Friday, March 14, 2014

Barf and Lords Seat evening run

no time to play around climbing on the bishop - it's going to be dark in 10 mins

After work fell running always feels good.  The nights are getting lighter and it's properly dark by about 6.30pm at the moment.  The plan was to climb up Barf past the bishop while it was still light and then have some safe running across the grassy tops and Whinlatter woodland.

looking over to Skiddaw and Dodd

come on mate

Slape Crag
The bishop is actually quite low down on the scree slope up to Barf summit.  There are a few different tracks to take if you travel on upwards, we took a different track today than last time.

Eventually, you get to the bottom of Slape Crag.  This impressive flat iron type rock can be seen prominently from the A66 and looks as though you would need climbing gear to get up it.  In fact, there is a shelf that crosses diagonally from right to left which is much more of scramble than a climb.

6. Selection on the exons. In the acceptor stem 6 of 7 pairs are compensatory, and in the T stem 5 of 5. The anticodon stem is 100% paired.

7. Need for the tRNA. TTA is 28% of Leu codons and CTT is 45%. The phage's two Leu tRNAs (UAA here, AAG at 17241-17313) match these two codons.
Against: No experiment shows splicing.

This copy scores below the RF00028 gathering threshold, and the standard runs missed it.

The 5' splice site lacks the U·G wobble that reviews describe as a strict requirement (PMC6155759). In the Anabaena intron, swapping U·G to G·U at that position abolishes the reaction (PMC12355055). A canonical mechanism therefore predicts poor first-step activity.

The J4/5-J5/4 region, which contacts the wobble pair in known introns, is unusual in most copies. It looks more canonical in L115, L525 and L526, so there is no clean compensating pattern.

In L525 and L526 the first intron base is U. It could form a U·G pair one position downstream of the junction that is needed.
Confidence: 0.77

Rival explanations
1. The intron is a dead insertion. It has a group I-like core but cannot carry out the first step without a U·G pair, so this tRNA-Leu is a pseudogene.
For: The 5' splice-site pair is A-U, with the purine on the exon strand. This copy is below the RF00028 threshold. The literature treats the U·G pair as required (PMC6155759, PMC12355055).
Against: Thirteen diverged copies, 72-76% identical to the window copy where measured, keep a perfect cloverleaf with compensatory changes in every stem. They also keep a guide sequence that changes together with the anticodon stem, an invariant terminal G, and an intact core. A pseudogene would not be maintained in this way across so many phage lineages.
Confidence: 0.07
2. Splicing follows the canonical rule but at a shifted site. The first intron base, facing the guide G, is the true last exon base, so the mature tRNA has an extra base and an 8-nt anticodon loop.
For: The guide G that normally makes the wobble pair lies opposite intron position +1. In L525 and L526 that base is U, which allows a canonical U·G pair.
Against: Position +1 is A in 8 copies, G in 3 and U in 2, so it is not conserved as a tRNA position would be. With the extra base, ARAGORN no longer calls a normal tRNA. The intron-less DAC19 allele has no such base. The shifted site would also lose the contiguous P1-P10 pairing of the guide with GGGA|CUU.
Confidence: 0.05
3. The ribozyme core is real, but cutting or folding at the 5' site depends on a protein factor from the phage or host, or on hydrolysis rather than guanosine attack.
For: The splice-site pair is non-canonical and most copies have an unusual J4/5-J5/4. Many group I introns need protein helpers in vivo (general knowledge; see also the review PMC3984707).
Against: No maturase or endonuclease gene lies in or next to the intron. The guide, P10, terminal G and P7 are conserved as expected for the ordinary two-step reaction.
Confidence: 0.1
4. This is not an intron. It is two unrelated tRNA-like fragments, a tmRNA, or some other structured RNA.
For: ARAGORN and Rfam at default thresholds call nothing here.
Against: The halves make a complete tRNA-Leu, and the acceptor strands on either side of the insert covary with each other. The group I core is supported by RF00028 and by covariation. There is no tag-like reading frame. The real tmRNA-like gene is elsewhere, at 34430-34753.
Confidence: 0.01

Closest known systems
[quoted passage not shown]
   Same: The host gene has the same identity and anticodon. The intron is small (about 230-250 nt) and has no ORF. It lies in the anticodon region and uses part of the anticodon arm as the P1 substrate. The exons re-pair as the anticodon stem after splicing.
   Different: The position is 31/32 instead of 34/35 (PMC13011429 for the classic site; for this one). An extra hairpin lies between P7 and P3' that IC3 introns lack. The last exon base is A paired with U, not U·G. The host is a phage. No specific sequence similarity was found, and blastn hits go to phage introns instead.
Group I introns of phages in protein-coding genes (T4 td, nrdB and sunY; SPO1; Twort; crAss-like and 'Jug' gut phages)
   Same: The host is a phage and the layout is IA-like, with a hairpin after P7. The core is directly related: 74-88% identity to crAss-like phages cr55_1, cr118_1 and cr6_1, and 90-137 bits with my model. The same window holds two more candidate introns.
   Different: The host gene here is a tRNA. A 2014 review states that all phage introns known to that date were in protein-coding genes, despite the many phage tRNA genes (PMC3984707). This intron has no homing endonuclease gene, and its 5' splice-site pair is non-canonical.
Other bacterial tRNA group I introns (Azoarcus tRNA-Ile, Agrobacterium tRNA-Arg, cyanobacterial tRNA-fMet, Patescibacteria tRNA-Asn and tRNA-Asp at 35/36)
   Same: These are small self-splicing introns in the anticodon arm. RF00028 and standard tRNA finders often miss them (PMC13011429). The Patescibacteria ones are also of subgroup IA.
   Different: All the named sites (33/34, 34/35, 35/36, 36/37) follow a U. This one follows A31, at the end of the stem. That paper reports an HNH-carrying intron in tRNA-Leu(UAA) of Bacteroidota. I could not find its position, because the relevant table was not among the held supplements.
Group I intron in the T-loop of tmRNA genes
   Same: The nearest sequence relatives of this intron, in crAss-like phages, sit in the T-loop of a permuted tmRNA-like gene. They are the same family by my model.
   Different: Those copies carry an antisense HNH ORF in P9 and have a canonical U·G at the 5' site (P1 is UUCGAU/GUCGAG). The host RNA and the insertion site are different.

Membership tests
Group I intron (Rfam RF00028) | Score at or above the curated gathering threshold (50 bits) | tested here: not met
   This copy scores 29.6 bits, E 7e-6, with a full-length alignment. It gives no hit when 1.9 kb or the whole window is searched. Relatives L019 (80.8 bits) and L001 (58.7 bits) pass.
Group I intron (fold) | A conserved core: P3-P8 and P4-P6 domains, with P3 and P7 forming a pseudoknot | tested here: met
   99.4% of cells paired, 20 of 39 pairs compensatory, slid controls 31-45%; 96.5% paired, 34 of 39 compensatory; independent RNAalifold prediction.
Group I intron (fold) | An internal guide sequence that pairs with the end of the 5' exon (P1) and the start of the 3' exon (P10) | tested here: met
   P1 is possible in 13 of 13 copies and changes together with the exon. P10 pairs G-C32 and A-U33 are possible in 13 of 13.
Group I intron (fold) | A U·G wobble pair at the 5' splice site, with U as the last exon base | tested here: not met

Once up this part, the track is fairly well defined up to the edge of the gorse and onto the flat grassy top parts of the fell.

It was getting very dusky at this point.  We took a few photos on the top of Barf and then headed across the way to Lords Seat summit.  The head torches were out about halfway across.

dusky Skiddaw reflected in Bassenthwaite

ten minutes later from Barf summit looking over to the dodds across Keswick

Jonathan on Lords Seat

looking back to Barf
From Lords Seat summit there is a nice, well defined track down into the forest.  It's the kind of track you want if you are running in the dark.

We followed this until we got onto the main forest track where we worked our way downhill, generally going in the right direction.

After a while I recognised a track I had taken before and we turned off to climb down steeply through the woods, coming out just by our car.

slow progress on a slippery wet track through the woods 

four miles

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